[ISN] Wanted: Simple home security

InfoSec News isn at c4i.org
Thu Oct 7 05:49:43 EDT 2004


[I agree with the author, but I belive the real incentive needs to be 
with the end user, no black box security device, and your rates for 
DSL and internet cable modem become more expensive.  - WK]

By Jon Oltsik
October 6, 2004

How much data can fit through broadband pipes? The next big broadband 
battle is going to turn on that very question. 

With data speeds increasing and monthly charges now within range of 
most family budgets, you should expect a sharp increase in Internet 
usage across a range of devices from PCs and telephones to stereos and 
refrigerators. But that will inevitably invite more attacks from 
worms, viruses, Trojan horses and malicious hackers. 

You'd think the broadband suppliers would tackle the security void (or 
even view it as a revenue opportunity). 


Instead, cable and DSL (digital subscriber line) providers are taking 
baby steps. They prefer to address the security issue by providing a 
combination of bundles, evaluation software and Web-based advice. 

Qwest Communications International and Verizon Communications include 
a free license for MSN Premium, which includes antivirus and firewall 
protection, along with pop-up blocking. AT&T and several others 
provide little more than 30-day trials for security software. 

That puts the burden of responsibility on customers. Savvy home users 
will go to the store and pick up a copy of McAfee or Symantec's 
Internet security suite that has antivirus, antispam, firewall and 
content filtering. 

Here's the problem. As more bandwidth and devices connect to the 
Internet, the home network starts to get complex. Suddenly, you need 
security software on every device in the house. You have to manage 
configuration changes, patch vulnerabilities, filter content and 
download the latest antivirus signatures all over the house. Soon, dad 
has taken on a new role as the family security administrator. If the 
old man lacks these skills or ignores routine tasks, every system is 
at risk. 

I don't know about you, but I barely have enough time to hang out with 
my kids, keep up with the bills, walk the dog and mow the lawn. I 
don't want to fill my precious few moments of personal time with 
maintaining residential firewall rules or deleting spyware. 

What's needed is a simple home security service with two dominant 

* The security service must not require any security knowledge. Upon 
  installation, the security service asks me a few simple questions 
  (in English, mind you), and then configures itself to my needs. It is 
  dynamic in that it continues to maintain my security, even as  
  threats change. 

* All I have to do to preserve my security protection is pay a monthly 
  bill. My estimate is that this service would cost between $5 and $15 
  per month. 

It's as simple as that. What Internet user wouldn't sign up? 

This isn't a pie-in-the-sky concept. Several companies from different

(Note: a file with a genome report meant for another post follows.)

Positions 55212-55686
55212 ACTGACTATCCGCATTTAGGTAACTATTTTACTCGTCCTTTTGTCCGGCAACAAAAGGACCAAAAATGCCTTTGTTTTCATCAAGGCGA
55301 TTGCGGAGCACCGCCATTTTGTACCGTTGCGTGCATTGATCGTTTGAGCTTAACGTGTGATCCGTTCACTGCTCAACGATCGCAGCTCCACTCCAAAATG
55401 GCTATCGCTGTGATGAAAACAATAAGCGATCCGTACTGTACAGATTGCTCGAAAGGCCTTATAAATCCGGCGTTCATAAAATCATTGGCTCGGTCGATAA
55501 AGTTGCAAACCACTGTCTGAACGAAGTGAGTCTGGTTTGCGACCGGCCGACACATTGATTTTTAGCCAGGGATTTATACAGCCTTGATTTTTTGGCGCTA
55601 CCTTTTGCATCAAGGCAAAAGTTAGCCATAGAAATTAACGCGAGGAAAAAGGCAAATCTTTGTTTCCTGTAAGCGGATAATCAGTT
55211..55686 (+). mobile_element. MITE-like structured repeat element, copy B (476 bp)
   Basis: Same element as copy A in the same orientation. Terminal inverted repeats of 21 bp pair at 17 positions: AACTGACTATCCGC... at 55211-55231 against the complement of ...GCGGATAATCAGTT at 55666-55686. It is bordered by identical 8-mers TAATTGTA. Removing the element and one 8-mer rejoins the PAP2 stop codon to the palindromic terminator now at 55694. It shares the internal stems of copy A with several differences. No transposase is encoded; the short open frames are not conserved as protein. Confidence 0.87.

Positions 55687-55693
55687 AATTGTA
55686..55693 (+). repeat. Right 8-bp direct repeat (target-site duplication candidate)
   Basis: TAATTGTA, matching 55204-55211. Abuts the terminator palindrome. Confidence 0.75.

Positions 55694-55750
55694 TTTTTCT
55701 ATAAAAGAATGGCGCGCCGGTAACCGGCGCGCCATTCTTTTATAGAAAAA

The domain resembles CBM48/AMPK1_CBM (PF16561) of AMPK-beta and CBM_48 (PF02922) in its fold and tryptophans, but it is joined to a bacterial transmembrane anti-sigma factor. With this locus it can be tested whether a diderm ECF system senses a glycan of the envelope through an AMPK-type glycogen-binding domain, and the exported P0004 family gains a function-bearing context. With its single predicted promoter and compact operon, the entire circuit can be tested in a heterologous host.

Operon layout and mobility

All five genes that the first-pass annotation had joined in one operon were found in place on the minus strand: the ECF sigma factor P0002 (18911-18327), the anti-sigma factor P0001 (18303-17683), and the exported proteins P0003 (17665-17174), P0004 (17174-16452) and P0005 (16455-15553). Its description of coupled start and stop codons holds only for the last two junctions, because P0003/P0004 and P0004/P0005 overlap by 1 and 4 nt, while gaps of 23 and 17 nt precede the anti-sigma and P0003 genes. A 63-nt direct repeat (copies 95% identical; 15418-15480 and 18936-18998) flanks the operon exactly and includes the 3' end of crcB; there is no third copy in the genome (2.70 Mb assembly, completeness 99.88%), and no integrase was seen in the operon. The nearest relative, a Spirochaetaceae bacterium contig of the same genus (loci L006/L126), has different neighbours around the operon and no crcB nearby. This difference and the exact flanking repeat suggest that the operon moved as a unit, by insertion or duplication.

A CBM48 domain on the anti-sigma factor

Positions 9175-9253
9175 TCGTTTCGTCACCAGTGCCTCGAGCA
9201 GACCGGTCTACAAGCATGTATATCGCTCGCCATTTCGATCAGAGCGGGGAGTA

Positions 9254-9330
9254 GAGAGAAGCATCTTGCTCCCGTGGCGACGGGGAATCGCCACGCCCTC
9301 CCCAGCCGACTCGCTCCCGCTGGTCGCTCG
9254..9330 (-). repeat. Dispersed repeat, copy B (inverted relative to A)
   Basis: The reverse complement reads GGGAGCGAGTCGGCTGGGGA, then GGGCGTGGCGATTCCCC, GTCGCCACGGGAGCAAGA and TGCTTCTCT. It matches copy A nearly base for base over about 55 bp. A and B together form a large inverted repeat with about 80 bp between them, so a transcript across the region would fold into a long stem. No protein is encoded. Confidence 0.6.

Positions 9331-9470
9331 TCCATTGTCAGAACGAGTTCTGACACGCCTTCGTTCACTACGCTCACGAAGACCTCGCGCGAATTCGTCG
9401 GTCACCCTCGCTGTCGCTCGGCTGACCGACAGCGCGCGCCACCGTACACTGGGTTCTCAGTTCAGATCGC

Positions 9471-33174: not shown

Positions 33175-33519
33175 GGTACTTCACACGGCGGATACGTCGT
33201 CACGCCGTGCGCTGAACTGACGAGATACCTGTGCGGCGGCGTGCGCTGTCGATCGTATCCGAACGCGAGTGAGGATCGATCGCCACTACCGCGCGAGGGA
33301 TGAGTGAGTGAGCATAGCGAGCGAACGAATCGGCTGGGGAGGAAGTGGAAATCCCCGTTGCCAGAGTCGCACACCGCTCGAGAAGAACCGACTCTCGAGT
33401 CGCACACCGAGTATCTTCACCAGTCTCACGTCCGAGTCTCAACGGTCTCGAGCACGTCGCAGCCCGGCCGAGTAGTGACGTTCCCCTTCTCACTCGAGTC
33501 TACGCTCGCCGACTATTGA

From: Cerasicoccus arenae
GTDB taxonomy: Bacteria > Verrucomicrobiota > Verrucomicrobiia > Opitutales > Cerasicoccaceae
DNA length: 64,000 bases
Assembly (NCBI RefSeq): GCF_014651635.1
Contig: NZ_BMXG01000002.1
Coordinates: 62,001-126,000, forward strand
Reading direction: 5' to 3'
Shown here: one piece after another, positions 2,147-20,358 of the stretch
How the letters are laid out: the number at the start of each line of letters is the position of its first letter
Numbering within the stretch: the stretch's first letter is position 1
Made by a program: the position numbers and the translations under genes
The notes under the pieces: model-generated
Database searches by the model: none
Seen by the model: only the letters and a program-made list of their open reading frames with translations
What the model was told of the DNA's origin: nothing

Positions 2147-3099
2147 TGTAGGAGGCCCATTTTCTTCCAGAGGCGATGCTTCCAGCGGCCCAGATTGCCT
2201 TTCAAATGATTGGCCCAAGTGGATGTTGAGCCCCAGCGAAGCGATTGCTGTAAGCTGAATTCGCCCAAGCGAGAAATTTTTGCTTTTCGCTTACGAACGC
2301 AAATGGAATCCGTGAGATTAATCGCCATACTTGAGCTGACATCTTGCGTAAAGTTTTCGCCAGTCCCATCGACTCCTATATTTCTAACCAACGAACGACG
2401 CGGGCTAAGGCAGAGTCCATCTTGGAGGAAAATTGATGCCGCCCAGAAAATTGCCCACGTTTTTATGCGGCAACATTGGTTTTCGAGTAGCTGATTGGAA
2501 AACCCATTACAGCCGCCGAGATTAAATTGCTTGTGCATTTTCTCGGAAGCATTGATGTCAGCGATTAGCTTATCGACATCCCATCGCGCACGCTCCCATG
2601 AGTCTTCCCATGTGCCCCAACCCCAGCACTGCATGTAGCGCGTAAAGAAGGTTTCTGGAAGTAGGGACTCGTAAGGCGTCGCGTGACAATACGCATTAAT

industry sectors could take a leadership role. The right firm would 
need skills in security, services, customer service and distribution, 
backed up by a billing system that could handle monthly cycles. 

The most plausible candidates come from the traditional security 
industry crowd, with Symantec and McAfee in the poll position. Both of 
these companies could use existing products to build a residential 
security "black box" and sell it through their traditional retail 
channels. They also have established services capabilities. A number 
of other security vendors, including Computer Associates 
International, Fortinet, Jupiter Networks' NetScreen and WatchGuard 
have security products and services but lack a consumer distribution 

PC networking companies like Belkin, D-Link, Cisco Systems' Linksys 
and Netgear could also make a play, as they have some security, 
distribution, services expertise. Not a perfect match but certainly 
the foundation for what is needed. 

Of course, a single broadband provider could pioneer home security 
services and effectively change the rules of the game. For example, 
Verizon could establish a relationship with a security technology 
vendor, develop a model for cooperative development and support, then 
use existing pieces of its business to market, sell and bill its 
broadband subscribers. Security could be used in promotions to 
differentiate Verizon from cable providers to attract new customers. 

This would require some risk taking and strategic vision--not exactly 
qualities associated with cable or telecommunications companies. 

Broadband subscribers don't care who offers this service or which 
technologies they use. They care about getting rid of the security 
burden forever, and they'll gladly fork over $10 a month in perpetuity 
to make this happen. Undoubtedly, the company that comes up with the 
right home security services business model first will be an instant 
security leader and make a ton of money in the process. 


Jon Oltsik is a senior analyst at the Enterprise Strategy Group. 

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